Torah Insights for Shabbat
Parshat Yitro 5758
February 13, 1998
"And Moshe went up to G-d." The great event, toward which all of creation moved from the hour of its inception, was about to take place. The entire universe was hushed and attentive to the sublime drama which was about to unfold in the wilderness of Sinai.
In view of the vivid circumstances surrounding the Divine Revelation, it is most disconcerting that its substance rapidly dissipated. For shortly after Sinai, the Hebrews create a golden calf and Moshe, learning of it from atop the mountain, shatters the tablets containing the Ten Commandments. What a magnificent beginning! What an abysmal ending!
Where in lay the Difference between the first set of tablets, which were broken, and the second set, which Moshe later fashioned and which remained whole? Why were the latter more enduring? Why were they received in sincerity by the Jewish nation?
Rashi comments that the first tablets, which were given amid tumult, thundering and a great assembly, were effected by the evil eye, whereas, the second tablets, which were given under more modest circumstances, were able to endure. There is nothing more beautiful than modesty.
But while this teaching of Rashi contains a very important moral lesson, it still does not fully explain the circumstances surrounding the second tablets. Why did G-d command Moshe to hew these second tablets instead of giving them to him ready-made from Above, as He had with the first pair? And if it was, for some reason, essential that Moshe hew them by himself, could he not have done so at the top of the mountain? Why did G-d instruct him to hew them at the foot of the mountain and carry them up to the top? It is precisely this incident that explains the durability of the second tablets.
The first tablets were given to Moshe ready-made by G-d. They were given from Above to be carried down. G-d made his revelation but the Jewish people were not spiritually prepared to fully appreciate and receive it. In a great moment of inspiration, they had exclaimed, "We will do and we will listen." But the moment passed. Backsliding was the result. Confusion and disgrace followed.
The second tablets, on the other hand, were brought up from below. They were hewed by the hand of man. The Jewish people, purged and cleansed by the unfortunate incident of the Golden Calf and its aftermath, were, at this point, spiritually ready to receive the message of the tablets. They had prepared themselves adequately for its reception. They elevated themselves to be suitable receptacles for the word of G-d. G-d inscribed the tablets, but Moshe prepared them and brought them up to be inscribed. These tablets could endure.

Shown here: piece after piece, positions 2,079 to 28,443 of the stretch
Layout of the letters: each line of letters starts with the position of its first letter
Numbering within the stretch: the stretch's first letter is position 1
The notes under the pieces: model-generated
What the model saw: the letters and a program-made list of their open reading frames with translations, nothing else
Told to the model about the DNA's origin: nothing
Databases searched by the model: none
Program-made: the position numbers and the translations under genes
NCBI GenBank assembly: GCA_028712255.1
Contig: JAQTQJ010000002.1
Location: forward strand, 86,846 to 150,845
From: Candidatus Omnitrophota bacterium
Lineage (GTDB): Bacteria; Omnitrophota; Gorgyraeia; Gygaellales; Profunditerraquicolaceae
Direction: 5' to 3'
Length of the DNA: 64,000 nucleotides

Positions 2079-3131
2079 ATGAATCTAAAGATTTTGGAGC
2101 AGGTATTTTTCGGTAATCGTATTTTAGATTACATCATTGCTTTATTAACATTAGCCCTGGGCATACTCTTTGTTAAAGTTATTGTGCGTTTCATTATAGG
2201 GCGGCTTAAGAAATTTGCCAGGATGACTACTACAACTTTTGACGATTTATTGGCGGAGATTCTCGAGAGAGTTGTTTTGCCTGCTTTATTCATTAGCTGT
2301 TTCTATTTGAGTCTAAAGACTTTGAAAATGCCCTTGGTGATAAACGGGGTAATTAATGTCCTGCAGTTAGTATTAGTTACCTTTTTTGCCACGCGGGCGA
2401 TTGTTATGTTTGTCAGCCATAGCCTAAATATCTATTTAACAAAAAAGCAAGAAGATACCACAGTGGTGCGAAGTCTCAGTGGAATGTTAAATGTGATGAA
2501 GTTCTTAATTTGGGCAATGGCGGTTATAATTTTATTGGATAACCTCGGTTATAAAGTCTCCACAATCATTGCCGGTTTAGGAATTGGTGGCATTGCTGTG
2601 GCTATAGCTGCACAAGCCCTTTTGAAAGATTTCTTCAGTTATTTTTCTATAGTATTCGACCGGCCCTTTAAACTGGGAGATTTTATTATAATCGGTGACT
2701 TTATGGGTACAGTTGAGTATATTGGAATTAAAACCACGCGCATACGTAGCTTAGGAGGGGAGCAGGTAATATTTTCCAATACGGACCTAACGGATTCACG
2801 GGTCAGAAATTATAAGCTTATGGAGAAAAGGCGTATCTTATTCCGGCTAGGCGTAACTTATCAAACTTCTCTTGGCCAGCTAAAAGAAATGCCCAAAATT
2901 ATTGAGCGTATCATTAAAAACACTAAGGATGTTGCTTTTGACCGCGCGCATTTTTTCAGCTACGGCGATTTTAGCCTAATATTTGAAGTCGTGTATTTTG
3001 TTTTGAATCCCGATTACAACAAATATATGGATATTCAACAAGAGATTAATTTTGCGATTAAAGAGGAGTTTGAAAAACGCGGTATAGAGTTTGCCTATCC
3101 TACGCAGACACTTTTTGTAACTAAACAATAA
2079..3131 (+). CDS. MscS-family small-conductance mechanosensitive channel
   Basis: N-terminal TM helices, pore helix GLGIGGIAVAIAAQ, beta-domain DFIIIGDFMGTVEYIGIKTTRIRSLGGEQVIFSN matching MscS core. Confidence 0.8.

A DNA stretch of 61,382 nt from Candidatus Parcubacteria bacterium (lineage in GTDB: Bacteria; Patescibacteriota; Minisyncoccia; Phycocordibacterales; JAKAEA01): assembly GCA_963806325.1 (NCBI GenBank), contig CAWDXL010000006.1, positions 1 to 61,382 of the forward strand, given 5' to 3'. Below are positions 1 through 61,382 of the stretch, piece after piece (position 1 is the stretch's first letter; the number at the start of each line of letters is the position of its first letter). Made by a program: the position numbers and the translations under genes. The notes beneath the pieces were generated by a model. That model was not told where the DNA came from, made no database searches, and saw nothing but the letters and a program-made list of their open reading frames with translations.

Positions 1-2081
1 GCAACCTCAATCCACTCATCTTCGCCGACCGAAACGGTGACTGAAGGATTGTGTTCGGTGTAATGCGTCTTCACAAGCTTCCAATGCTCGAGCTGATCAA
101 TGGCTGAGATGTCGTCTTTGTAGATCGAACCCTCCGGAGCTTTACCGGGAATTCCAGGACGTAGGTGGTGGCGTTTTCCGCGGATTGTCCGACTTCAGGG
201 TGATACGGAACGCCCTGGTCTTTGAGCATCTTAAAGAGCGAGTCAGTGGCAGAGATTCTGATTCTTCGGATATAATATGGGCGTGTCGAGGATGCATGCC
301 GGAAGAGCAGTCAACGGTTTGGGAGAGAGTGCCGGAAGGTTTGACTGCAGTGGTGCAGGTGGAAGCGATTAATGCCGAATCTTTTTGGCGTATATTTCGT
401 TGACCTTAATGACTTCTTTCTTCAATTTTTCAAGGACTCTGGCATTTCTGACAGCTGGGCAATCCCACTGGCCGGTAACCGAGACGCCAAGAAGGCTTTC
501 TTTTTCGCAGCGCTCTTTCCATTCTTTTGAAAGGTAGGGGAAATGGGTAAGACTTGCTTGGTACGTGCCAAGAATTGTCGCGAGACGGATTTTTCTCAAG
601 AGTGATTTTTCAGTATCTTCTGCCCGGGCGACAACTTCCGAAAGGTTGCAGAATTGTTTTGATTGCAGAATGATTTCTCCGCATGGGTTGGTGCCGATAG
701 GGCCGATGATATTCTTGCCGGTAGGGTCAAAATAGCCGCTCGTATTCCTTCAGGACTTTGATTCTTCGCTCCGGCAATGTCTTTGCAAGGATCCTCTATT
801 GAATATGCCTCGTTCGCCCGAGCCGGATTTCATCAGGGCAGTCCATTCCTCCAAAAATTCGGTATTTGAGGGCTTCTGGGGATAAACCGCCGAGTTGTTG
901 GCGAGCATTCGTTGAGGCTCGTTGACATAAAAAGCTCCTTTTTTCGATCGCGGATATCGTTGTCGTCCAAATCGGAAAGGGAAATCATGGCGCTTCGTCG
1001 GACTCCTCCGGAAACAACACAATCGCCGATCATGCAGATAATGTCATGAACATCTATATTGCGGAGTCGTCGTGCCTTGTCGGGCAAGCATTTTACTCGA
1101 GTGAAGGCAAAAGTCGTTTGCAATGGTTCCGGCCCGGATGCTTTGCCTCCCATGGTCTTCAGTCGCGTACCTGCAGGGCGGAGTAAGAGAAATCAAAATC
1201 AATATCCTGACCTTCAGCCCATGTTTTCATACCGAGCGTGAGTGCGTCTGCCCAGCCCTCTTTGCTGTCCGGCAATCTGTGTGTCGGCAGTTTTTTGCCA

Frequently people complain, Why is Judaism meaningless to me? It doesn't move me. I am not affected by its message. When I attend services, it leaves me cold. Nothing happens to me. The rabbi, the cantor do not inspire me sufficiently." These people mistakenly view religion as something external to themselves, as something separate and apart. They do not realize that one must prepare himself to receive the message of G-d. "Hew for yourself"--make yourself a proper receptacle to receive G-d's word. Then it will affect you.
Attending services is not like attending a show or theater. Services require active participation, not merely passive observation. The rabbi and cantor cannot pray and be devout for you. Prepare your own tablets and ascend the mountain. Then G-d will inscribe his word upon them.
Rabbi Melvin I. Burg
Rabbi Burg is rabbi of Congregation Pri Eitz Chaim Ocean Avenue Jewish Center in Brooklyn, New York
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